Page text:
There's nothing like returning to your own small paradise at night, on your mooring at the 'Bora Bora Yacht Club'.
'Chagos Yacht Club':
There's not even a building for the Chagos Yacht Club, located in the western Indian Ocean, but this wonderful mooring place has been gathering yachties from all the oceans of the world for decades and a few have loved it so much they have stayed for years. Only yachties can reach it, so it's much sought after. Sadly the traffic in the Indian Ocean has been decimated by attacks of Somali pirates, but how long can they last, now that the combined Navies seem to be getting the upper hand? Now the British are charging a weekly fee, but it's still a heavenly and natural spot, with marvellous coral, an unlimited supply of fish, no other habitation (except the US military base of Diego Garcia not far away) for thousands of miles - a paradies of a meeting place – and ONLY for yachties.
Middle Percy Island:
Part of the Northumberland group, 70 nautical miles south-east of Mackay on Australia's east coast, it's a stunningly beautiful place of icing-sugar beaches and wooded hilltops - a Robinson Crusoe island rising from the indigo depths of the Coral Sea. Although only a day or two's sail from the southern Whitsunday islands, the 1657-hectare paradise is rarely visited except by cruising yachts and has never been exposed to tourism.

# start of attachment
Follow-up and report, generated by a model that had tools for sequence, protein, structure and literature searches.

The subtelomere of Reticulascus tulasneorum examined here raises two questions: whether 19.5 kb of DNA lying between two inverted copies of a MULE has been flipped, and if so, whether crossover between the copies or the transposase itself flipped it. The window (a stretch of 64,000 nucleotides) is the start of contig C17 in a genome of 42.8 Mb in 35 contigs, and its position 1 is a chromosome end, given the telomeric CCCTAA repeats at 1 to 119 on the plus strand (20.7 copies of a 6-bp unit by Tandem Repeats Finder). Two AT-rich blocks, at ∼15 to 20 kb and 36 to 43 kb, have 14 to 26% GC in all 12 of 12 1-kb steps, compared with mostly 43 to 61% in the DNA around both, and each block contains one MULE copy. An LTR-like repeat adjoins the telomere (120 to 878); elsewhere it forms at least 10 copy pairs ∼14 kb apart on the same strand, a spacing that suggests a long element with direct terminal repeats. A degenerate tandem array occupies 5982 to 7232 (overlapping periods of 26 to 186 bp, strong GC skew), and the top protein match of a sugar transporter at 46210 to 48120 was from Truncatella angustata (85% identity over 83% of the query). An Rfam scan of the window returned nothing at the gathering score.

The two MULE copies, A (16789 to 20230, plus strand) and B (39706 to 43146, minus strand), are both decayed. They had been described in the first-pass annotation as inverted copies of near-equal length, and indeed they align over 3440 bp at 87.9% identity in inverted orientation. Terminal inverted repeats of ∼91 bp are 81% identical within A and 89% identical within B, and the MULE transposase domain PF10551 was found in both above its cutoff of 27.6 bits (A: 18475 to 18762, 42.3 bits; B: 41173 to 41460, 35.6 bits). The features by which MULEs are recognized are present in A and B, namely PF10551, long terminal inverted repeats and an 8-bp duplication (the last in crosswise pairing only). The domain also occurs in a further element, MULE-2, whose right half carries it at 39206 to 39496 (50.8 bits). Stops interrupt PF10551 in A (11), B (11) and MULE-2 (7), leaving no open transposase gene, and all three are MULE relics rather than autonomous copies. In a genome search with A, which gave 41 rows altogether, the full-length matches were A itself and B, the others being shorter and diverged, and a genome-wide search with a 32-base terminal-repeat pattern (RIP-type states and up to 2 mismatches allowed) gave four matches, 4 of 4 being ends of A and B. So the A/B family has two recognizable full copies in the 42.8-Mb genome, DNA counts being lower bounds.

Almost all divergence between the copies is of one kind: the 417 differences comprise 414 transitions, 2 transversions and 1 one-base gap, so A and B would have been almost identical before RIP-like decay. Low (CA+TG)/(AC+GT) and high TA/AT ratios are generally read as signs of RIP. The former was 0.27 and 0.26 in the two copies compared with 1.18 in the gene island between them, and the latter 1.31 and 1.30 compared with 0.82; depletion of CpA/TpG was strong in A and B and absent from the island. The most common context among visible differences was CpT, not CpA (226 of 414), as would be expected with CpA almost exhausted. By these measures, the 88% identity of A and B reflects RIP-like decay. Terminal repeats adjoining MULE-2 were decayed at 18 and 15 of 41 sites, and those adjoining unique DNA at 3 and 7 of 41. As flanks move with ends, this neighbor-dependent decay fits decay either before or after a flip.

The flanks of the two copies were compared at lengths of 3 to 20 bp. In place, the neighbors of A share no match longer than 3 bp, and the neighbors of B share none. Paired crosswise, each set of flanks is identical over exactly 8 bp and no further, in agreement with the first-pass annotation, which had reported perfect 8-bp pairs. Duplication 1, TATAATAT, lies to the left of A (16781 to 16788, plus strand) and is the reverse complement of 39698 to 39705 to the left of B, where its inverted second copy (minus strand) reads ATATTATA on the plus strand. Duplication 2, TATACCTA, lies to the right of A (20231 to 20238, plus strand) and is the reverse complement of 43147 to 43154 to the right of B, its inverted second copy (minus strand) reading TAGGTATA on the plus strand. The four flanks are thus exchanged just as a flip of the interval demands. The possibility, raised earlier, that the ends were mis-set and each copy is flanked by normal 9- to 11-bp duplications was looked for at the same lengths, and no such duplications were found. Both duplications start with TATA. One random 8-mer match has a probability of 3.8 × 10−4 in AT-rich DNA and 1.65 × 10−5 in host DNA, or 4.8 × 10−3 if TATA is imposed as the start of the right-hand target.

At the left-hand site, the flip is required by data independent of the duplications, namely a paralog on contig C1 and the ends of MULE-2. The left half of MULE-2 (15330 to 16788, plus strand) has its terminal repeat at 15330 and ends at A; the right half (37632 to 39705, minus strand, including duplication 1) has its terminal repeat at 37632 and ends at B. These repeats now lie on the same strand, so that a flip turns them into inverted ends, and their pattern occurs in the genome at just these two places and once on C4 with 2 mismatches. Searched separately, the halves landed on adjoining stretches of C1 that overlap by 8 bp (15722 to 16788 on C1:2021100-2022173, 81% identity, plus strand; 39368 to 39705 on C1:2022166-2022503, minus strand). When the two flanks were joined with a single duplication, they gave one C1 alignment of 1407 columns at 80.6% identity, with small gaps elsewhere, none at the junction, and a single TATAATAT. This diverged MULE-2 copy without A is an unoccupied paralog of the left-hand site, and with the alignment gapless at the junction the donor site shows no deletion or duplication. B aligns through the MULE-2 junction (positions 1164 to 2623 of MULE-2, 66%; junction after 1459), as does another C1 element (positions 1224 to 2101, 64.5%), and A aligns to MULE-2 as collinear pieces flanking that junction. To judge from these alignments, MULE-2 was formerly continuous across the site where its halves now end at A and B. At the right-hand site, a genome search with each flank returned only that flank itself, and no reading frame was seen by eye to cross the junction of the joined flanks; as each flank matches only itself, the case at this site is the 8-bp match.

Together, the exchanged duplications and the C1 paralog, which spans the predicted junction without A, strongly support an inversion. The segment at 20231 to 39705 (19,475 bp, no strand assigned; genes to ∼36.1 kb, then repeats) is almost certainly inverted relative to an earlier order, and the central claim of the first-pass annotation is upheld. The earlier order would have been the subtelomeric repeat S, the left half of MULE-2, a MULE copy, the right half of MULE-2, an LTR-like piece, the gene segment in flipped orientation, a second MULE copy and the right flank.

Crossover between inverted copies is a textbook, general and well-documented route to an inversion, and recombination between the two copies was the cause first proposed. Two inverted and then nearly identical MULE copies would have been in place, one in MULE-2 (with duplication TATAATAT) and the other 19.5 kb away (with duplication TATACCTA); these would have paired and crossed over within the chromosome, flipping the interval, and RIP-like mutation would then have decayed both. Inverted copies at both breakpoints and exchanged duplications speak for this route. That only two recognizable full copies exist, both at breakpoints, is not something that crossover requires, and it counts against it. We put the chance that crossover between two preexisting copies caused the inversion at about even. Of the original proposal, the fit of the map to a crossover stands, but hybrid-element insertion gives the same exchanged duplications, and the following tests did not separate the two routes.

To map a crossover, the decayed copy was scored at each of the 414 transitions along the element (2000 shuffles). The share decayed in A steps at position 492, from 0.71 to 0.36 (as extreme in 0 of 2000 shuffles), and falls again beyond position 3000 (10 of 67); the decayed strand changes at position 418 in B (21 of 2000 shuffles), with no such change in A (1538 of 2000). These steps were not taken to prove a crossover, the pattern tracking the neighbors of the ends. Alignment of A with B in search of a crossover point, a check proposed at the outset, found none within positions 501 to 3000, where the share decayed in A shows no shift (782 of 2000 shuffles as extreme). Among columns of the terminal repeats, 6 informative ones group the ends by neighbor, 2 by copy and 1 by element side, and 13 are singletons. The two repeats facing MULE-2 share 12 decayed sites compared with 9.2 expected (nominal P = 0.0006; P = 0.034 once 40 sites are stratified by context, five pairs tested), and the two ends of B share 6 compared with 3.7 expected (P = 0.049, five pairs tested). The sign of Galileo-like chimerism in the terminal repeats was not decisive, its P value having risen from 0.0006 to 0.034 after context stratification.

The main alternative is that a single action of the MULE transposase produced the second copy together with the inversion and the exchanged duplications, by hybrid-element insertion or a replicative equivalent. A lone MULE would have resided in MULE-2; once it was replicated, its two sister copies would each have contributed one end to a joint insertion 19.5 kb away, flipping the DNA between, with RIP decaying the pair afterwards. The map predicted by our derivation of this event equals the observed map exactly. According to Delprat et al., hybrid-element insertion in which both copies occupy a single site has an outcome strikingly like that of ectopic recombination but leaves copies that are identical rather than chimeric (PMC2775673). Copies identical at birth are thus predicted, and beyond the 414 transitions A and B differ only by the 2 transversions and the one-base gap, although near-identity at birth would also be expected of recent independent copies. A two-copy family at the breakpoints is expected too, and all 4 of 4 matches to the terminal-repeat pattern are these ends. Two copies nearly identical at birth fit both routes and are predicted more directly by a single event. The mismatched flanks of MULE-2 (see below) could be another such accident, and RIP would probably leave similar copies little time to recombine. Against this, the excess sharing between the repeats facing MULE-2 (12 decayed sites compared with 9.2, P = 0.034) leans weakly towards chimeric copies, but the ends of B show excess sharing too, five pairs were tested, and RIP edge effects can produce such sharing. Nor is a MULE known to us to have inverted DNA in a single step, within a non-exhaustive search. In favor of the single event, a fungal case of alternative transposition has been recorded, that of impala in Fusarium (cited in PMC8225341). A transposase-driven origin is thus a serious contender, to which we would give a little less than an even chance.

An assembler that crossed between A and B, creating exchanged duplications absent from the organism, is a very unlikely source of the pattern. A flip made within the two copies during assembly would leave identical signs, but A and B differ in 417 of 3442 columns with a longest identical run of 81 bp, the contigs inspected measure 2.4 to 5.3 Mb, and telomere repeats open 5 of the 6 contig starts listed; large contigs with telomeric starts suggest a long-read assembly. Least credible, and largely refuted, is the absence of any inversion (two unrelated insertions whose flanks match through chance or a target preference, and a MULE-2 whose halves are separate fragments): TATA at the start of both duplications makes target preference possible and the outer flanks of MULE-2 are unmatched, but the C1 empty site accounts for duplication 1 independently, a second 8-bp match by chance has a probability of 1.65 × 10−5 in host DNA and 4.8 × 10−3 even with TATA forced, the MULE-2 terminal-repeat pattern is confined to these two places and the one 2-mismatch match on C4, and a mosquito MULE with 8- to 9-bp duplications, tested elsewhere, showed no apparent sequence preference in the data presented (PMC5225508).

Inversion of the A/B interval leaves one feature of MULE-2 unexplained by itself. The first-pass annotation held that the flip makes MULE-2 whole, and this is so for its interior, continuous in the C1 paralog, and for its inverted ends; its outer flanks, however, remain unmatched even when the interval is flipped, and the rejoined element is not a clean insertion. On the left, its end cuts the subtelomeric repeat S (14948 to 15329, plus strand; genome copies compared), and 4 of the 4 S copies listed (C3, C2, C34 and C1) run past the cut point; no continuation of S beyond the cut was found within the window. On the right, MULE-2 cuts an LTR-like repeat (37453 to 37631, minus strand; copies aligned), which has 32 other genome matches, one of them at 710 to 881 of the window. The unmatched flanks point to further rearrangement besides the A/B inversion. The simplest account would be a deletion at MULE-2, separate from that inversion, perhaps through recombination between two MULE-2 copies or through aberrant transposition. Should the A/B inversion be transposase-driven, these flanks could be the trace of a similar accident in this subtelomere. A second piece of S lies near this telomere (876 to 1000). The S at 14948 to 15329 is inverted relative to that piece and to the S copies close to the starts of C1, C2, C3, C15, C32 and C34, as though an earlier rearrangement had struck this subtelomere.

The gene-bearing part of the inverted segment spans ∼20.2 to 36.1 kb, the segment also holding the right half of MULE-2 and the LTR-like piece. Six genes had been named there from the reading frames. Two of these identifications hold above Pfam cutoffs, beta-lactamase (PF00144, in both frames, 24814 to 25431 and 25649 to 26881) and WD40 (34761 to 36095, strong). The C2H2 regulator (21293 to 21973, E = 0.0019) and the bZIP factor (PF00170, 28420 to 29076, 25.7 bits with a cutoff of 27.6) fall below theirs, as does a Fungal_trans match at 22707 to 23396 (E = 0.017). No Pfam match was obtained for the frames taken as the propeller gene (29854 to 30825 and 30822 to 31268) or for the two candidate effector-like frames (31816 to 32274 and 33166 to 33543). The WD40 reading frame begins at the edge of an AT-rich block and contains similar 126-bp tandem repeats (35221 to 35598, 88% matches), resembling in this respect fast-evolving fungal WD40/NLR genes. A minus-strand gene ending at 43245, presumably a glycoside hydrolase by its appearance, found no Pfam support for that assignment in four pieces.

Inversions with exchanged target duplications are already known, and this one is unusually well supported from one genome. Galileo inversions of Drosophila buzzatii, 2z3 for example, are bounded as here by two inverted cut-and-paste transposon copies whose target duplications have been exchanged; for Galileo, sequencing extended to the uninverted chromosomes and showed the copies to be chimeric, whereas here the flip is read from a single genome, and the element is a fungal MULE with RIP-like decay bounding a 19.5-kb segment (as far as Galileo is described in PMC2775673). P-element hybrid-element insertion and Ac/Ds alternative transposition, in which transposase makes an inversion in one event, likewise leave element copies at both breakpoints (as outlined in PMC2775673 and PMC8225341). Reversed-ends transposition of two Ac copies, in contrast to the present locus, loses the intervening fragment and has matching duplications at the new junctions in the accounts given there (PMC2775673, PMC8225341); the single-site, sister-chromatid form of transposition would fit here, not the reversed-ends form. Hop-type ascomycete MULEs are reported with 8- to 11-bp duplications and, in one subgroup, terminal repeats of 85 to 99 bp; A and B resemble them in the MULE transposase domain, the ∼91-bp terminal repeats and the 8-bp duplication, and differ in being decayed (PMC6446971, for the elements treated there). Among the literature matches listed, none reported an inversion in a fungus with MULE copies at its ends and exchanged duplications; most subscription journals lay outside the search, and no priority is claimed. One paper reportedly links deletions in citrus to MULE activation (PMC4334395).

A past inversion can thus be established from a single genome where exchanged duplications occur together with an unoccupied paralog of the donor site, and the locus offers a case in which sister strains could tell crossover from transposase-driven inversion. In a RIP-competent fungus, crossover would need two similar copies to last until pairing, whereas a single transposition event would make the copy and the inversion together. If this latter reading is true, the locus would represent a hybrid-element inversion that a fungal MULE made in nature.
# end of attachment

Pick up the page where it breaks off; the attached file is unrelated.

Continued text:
This extraordinary stopping point, has a building specifically for yachts, but there's no name for the 'yacht club.' There is even a friendly couple, the only inhabitants, who will sell you fresh fruit and vegetables. You could write a book about this small piece of tropical paradise – in fact someone has. A plot involving hermits, castaways, madness and skullduggery in the extreme is the background, but that doesn't stop it from being a delightful experience. Passing yachts have decorated the 'yacht club' with their insignias to mark their passing, making it an emotional experience for visiting yachts who can see the remarks and dates of the passing of others.
Taravana Yacht Club:
This 'yachtie only' haven is located in the Society Islands, on the idyllic tiny island of Taha'a. All you need to do is have a drink at the bar and the mooring ball they provide for the very deep water is free.